A new remastered edition of the album was released in 2011 in commemoration of Johnson's 100th birthday. The Centennial Edition was released in both standard and deluxe editions. The track order was changed so that all of the alternate takes were placed at the end of the discs, rather than side-by-side with the master tracks—as the 1990 release had placed them. Included on this edition, is a previously unissued take of Traveling Riverside Blues (DAL.400-2) which was previously thought to be one of nineteen Robert Johnson Recordings that were lost or destroyed. Found in the archives of Alan Lomax, which had been purchased by the American Folklife Center of the Library of Congress.
|1.||"Kind Hearted Woman Blues"||2:49|
|2.||"Kind Hearted Woman Blues" (alternate take)||2:31|
|3.||"I Believe I'll Dust My Broom"||2:56|
|4.||"Sweet Home Chicago"||2:59|
|5.||"Ramblin' on My Mind"||2:51|
|6.||"Ramblin' on My Mind" (alternate take)||2:20|
|7.||"When You Got a Good Friend"||2:37|
|8.||"When You Got a Good Friend" (alternate take)||2:50|
|9.||"Come On in My Kitchen" (alternate take)||2:47|
|10.||"Come On in My Kitchen"||2:35|
|13.||"Phonograph Blues" (alternate take)||2:35|
|15.||"They're Red Hot"||2:56|
|16.||"Dead Shrimp Blues"||2:30|
|17.||"Cross Road Blues"||2:39|
|18.||"Cross Road Blues" (alternate take)||2:29|
|20.||"Last Fair Deal Gone Down"||2:39|
|1.||"Preaching Blues (Up Jumped the Devil)"||2:50|
|2.||"If I Had Possession Over Judgment Day"||2:34|
|3.||"Stones in My Passway"||2:27|
|4.||"I'm a Steady Rollin' Man"||2:35|
|5.||"From Four Till Late"||2:23|
|6.||"Hellhound on My Trail"||2:35|
|7.||"Little Queen of Spades"||2:11|
|8.||"Little Queen of Spades" (alternate take)||2:15|
|10.||"Drunken Hearted Man" (alternate take)||2:24|
|11.||"Drunken Hearted Man"||2:19|
|12.||"Me and the Devil Blues" (alternate take)||2:37|
|13.||"Me and the Devil Blues"||2:29|
|14.||"Stop Breakin' Down Blues"||2:16|
|15.||"Stop Breakin' Down Blues" (alternate take)||2:21|
|16.||"Traveling Riverside Blues"||2:47|
|18.||"Love in Vain"||2:28|
|19.||"Love in Vain" (alternate take)||2:19|
|20.||"Milkcow's Calf Blues" (alternate take)||2:14|
|21.||"Milkcow's Calf Blues"||2:20|
- Robert Johnson – acoustic guitar, vocals
- Don Law – Producer
- Lawrence Cohn – Roots ‘n’ Blues Series Producer
- Frank Driggs – Reissue Producer
- Stephen LaVere – Reissue Producer
- Bordowitz, Hank. Turning Points in Rock and Roll, Citadel Press (2004), page 22 – ISBN 0-8065-2631-9
- Grammy Award list
- Bragg, Rick. Journeys: Driving the Blues Trail, In Search of a Lost Muse. The New York Times. Retrieved on 2009-08-07.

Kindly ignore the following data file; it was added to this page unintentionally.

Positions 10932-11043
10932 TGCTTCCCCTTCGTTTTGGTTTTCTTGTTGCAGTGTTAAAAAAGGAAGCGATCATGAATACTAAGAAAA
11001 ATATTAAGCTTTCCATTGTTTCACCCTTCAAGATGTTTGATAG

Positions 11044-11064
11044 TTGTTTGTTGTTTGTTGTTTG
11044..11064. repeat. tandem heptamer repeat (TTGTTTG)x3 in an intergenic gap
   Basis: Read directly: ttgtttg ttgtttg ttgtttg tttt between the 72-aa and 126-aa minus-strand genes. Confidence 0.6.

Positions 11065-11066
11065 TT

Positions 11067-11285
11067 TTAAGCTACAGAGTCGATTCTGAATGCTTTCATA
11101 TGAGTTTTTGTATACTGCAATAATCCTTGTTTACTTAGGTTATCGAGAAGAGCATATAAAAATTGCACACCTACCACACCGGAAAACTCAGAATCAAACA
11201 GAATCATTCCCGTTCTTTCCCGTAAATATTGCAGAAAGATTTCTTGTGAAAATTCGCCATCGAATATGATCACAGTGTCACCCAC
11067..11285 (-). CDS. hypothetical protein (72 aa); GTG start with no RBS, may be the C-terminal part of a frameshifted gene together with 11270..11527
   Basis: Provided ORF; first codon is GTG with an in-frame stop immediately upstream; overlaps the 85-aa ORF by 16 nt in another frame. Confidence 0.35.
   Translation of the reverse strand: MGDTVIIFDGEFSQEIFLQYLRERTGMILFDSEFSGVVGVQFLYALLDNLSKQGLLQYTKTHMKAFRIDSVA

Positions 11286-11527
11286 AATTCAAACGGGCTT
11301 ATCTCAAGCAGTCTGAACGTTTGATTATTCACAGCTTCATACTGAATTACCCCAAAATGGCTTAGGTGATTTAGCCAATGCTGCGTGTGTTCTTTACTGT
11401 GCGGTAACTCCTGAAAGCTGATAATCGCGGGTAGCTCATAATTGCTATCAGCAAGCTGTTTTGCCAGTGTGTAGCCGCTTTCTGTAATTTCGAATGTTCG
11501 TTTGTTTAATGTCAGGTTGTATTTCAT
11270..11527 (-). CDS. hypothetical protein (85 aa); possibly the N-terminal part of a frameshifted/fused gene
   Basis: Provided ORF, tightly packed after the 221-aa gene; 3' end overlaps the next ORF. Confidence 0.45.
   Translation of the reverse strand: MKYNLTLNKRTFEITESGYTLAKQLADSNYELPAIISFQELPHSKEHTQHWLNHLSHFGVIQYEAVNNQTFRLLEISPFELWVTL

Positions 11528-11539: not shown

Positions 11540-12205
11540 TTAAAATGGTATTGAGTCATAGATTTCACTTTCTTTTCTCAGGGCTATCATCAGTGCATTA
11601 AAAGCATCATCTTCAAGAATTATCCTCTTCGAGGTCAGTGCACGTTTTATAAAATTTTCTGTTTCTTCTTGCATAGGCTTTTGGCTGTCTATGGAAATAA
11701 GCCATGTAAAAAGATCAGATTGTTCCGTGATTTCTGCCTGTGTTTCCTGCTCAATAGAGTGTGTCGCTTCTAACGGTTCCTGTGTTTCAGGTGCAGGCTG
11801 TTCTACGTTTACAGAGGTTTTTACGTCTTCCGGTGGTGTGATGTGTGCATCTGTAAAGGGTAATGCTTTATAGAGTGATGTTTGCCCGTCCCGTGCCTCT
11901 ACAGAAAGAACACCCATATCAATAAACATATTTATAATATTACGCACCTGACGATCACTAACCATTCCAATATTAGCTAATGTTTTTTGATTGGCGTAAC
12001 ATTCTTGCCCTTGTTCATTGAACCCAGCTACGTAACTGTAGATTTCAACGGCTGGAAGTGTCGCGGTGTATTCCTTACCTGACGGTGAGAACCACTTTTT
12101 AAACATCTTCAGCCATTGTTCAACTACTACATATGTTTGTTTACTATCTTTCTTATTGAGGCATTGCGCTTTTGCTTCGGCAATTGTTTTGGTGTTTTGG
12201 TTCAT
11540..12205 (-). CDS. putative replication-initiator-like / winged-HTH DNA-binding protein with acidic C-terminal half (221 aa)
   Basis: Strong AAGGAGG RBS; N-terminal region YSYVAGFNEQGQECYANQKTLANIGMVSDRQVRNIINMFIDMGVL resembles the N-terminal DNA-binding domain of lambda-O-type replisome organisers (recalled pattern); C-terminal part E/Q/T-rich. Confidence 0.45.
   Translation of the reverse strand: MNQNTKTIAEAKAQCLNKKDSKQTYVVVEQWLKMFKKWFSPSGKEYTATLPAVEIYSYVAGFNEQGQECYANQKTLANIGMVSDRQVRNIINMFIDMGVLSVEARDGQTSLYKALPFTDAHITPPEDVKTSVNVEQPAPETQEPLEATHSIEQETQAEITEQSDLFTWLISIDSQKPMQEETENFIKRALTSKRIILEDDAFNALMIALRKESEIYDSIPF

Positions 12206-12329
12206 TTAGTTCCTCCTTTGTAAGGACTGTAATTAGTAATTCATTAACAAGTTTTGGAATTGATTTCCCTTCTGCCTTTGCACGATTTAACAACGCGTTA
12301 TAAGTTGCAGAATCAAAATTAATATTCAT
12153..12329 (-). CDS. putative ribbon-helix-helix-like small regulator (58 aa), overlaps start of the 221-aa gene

- 2003 National Recording Registry choices
- Random House: Vicksburg to Memphis
- Dicaire, David. Blues Singers: Biographies of 50 Legendary Artists of the Early 20th, McFarland & Company (1999), page 20 – ISBN 0-7864-0606-2
- All About Jazz: Robert Johnson
- PBS: American Root Music
- Wald, Elijah. Escaping the Delta: Robert Johnson and the Invention of the Blues, Harper Collins (2004), page xxiv – ISBN 0-06-052423-5
- Erlewine, Stephen Thomas. Review: The Complete Recordings. Allmusic. Retrieved on 2009-08-08.
- Considine, J.D. "Review: The Complete Recordings". The Baltimore Sun: 8.L. November 11, 1990.
- Kot, Greg. "Review: The Complete Recordings". Chicago Tribune: 12. December 9, 1990.
- Columnist. "Review: The Complete Recordings". Down Beat: 55. February 1997.
- Browne, David. Review: The Complete Recordings. Entertainment Weekly. Retrieved on 2009-08-08.
- Cromelin, Richard. "Review: The Complete Recordings". Los Angeles Times: 16. August 25, 1990.
- Columnist. "Review: The Complete Recordings". Q: 126. August 1994.
- Palmer, Robert. Review: The Complete Recordings. Rolling Stone. Retrieved on 2009-08-08.
- Columnist. Review: The Complete Recordings. Time. Retrieved on 2009-08-08.
- Columnist. "Review: The Complete Recordings". The Washington Post: n.09. December 28, 1990. Archived from the original on 2009-08-08.
- Billboard: Eric Clapton
- Kot, Greg. "A Blue Rendezvous: Johnson and Clapton Speak the Same Language". Chicago Tribune: 8. October 7, 1990.
- Deusner, Stephen M. (May 2, 2011). "Robert johnson: the Centennial collection [columbia Legacy]". Retrieved December 12, 2013.
- Barbrick, Breg (May 4, 2011). "Music Review: Robert Johnson – The Centennial Collection". Retrieved December 12, 2013.
- M. Dion Thompson. "At the American Folklife Center, a blues resurrection: A long-lost recording by bluesman Robert Johnson is most remarkable for flaws that make the legendary musician a little more human". www.baltimoresun.com/. The Baltimore Sun. Retrieved 17 March 2019.